All but one of the 30 of the Major League Baseball teams are hosting Pride Nights this season, most during Pride Month, which celebrates and supports LGBTQ+ culture and rights.

The Texas Rangers are the only team without a Pride Night. They say they are committed to making everyone feel welcome at all games.

No. In September 2003, two years after the Chicago Cubs hosted what is considered the first Pride game, the Rangers invited local LGBTQ+ groups to a game as part of a fundraising event, similar to what they do for all kinds of groups throughout each season. There were some Rangers fans who expressed opposition through a website beforehand and, while not widespread, there were some protests outside the stadium before that game.

The team has been consistent with its response when asked: “Our longstanding commitment remains the same: To make everyone feel welcome and included in Rangers baseball — in our ballpark, at every game, and in all we do — for both our fans and our employees. We deliver on that promise across our many programs to have a positive impact across our entire community.”

Texas has been dominated by Republicans for a generation, and state lawmakers and Gov. Greg Abbott last year joined the push from many conservative states to limit LBGTQ+ rights.

The Legislature passed new laws expanding definitions of prohibited sexual content in public performances and in school books, and activists fear those measures will be used to target drag shows and ban LGBTQ+ literature from libraries and classrooms.

Texas became the most populous of at least 19 states to ban gender-affirming care for minors. And Texas public universities have been directed to dismantle diversity, equity and inclusion offices and training.

Abbott also signed into law the “Save Women’s Sports Act” that bars transgender college athletes from competing on teams that match their gender identity. Texas already had a similar law for high schools.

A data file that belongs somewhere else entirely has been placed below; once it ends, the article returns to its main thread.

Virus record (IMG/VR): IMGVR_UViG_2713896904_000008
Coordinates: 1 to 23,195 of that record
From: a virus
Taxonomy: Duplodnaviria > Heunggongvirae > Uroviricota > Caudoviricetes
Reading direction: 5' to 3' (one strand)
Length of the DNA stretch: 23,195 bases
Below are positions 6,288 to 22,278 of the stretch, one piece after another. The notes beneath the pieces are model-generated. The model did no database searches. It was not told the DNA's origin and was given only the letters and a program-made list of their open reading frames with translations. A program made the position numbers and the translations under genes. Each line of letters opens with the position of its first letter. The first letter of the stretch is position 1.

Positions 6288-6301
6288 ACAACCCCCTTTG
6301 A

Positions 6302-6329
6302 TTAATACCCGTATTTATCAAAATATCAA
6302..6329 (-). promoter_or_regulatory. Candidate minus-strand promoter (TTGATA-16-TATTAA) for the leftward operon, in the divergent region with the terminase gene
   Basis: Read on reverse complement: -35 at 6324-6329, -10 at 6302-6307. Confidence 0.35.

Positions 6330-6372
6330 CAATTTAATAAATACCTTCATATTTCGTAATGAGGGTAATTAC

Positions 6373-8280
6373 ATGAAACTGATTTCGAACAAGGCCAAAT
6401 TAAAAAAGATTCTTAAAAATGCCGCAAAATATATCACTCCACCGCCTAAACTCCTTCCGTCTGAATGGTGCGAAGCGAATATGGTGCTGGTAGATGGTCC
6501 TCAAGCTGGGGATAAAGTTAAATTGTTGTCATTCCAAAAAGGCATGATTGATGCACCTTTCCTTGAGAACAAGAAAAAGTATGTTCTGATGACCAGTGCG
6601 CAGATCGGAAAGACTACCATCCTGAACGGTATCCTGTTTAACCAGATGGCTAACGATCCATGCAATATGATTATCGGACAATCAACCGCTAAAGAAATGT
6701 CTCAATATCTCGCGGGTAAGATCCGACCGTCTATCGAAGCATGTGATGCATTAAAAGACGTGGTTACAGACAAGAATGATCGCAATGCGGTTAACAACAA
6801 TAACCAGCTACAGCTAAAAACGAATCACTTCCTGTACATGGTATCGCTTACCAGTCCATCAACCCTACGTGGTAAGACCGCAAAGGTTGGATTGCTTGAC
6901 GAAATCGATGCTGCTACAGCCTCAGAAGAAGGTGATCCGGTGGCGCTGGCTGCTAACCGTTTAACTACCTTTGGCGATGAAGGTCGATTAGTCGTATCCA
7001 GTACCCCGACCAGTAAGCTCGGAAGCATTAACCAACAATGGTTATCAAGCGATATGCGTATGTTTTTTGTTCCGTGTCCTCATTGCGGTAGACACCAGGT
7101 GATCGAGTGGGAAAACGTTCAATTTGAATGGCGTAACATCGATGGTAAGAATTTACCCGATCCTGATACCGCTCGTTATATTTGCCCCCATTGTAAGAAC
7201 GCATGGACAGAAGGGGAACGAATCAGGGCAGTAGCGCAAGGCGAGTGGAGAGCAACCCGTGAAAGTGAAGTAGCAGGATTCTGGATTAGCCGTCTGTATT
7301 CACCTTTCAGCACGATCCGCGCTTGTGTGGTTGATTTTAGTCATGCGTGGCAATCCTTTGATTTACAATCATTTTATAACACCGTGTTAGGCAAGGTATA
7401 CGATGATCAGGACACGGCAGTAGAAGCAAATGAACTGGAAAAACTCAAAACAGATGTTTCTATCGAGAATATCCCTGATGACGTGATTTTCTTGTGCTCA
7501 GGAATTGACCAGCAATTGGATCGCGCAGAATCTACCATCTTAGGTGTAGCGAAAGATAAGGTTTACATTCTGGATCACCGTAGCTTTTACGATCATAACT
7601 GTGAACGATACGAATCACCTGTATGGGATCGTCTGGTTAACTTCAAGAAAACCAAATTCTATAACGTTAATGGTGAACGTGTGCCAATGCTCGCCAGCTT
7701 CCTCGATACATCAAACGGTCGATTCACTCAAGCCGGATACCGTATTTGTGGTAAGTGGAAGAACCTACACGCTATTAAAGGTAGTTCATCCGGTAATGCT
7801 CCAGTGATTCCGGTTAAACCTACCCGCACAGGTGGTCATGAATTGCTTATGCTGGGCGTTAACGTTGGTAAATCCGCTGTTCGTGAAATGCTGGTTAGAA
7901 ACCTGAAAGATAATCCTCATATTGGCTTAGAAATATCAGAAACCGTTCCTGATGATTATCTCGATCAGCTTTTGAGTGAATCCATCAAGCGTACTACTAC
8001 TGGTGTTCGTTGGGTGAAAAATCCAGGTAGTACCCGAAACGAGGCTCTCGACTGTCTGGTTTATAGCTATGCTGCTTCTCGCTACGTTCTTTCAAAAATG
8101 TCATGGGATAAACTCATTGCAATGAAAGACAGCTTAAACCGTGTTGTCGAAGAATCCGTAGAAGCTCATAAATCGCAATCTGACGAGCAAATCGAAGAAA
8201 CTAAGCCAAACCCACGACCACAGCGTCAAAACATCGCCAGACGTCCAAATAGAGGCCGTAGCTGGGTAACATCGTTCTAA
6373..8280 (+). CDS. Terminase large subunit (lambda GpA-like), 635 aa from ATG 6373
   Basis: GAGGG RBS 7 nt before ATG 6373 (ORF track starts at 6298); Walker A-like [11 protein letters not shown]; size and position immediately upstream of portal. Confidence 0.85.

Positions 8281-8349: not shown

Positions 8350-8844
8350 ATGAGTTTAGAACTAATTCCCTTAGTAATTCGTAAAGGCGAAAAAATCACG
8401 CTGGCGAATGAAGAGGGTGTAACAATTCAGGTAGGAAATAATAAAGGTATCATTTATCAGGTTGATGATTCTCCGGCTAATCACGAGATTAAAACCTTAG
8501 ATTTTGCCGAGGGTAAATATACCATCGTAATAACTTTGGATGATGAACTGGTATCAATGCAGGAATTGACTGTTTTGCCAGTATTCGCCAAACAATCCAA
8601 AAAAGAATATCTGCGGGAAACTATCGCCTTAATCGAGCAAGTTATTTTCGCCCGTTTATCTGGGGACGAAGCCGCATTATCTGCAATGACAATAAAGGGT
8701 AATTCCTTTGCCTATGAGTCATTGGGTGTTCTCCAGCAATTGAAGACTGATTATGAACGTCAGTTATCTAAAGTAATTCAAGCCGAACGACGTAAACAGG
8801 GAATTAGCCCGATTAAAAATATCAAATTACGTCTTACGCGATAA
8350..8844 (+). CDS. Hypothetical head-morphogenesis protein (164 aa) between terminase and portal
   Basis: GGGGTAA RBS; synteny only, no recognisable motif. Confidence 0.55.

Amid that conservative political landscape, there is less outside resistance in their home market to the Rangers not having a Pride Night.

Rangers majority owner Ray C. Davis has donated at least $560,000 to Texans for Greg Abbott since 2013, which classifies the former energy executive as a “mid-tier” donor, according to state campaign finance records.

The Astros hosted their first Pride Night in 2021. Houston, the state’s most-populated city with about 2.3 million people in a metro area of about 6.7 million, is one of the biggest strongholds for Democrats in Texas. Another is Dallas, not far from the Rangers’ home ballpark.

A majority of the elected officials in Houston and Dallas are Democrats. The Rangers’ ballpark in Arlington, Texas, is just off Interstate 30, halfway between downtown Fort Worth and downtown Dallas.

The Rangers were a sponsor of the NAGAAA Gay Softball World Series in 2022 when the event took place in Dallas and Waxahachie. The club participated in the opening ceremonies in Dallas and worked with the local organizers and NAGAAA officials on several initiatives for the event.

The team is working on initiatives with local groups, including the Pegasus Slow-Pitch Softball Association, which promotes quality amateur softball at all levels of play with a special emphasis on the participation of members of the LGBTQ+ community.

Pegasus has been invited by MLB and the Rangers to participate in a training program for inclusion on July 14 as part MLB’s All-Star Legacy Program initiatives. The Rangers are hosting the All-Star Game on July 16.

The Rangers have worked in the past the Resource Center, which provides programs and assistance to LGBTQ+ communities and anyone impacted in North Dallas by HIV/AIDS through advocacy, health and education. Team employees volunteer and support Resource Center events.

An Inclusion and Community Impact Council was developed by the team to foster conversations, ideas and programs to support employees internally and to the community externally. Rangers employees participate in anti-harassment programs, and education programs offered by MLB.

The Texas Rangers Baseball Foundation focuses on anti-bullying messaging at the club’s youth academy, and the staff works with outside agencies to ensure a welcoming environment for all athletes.



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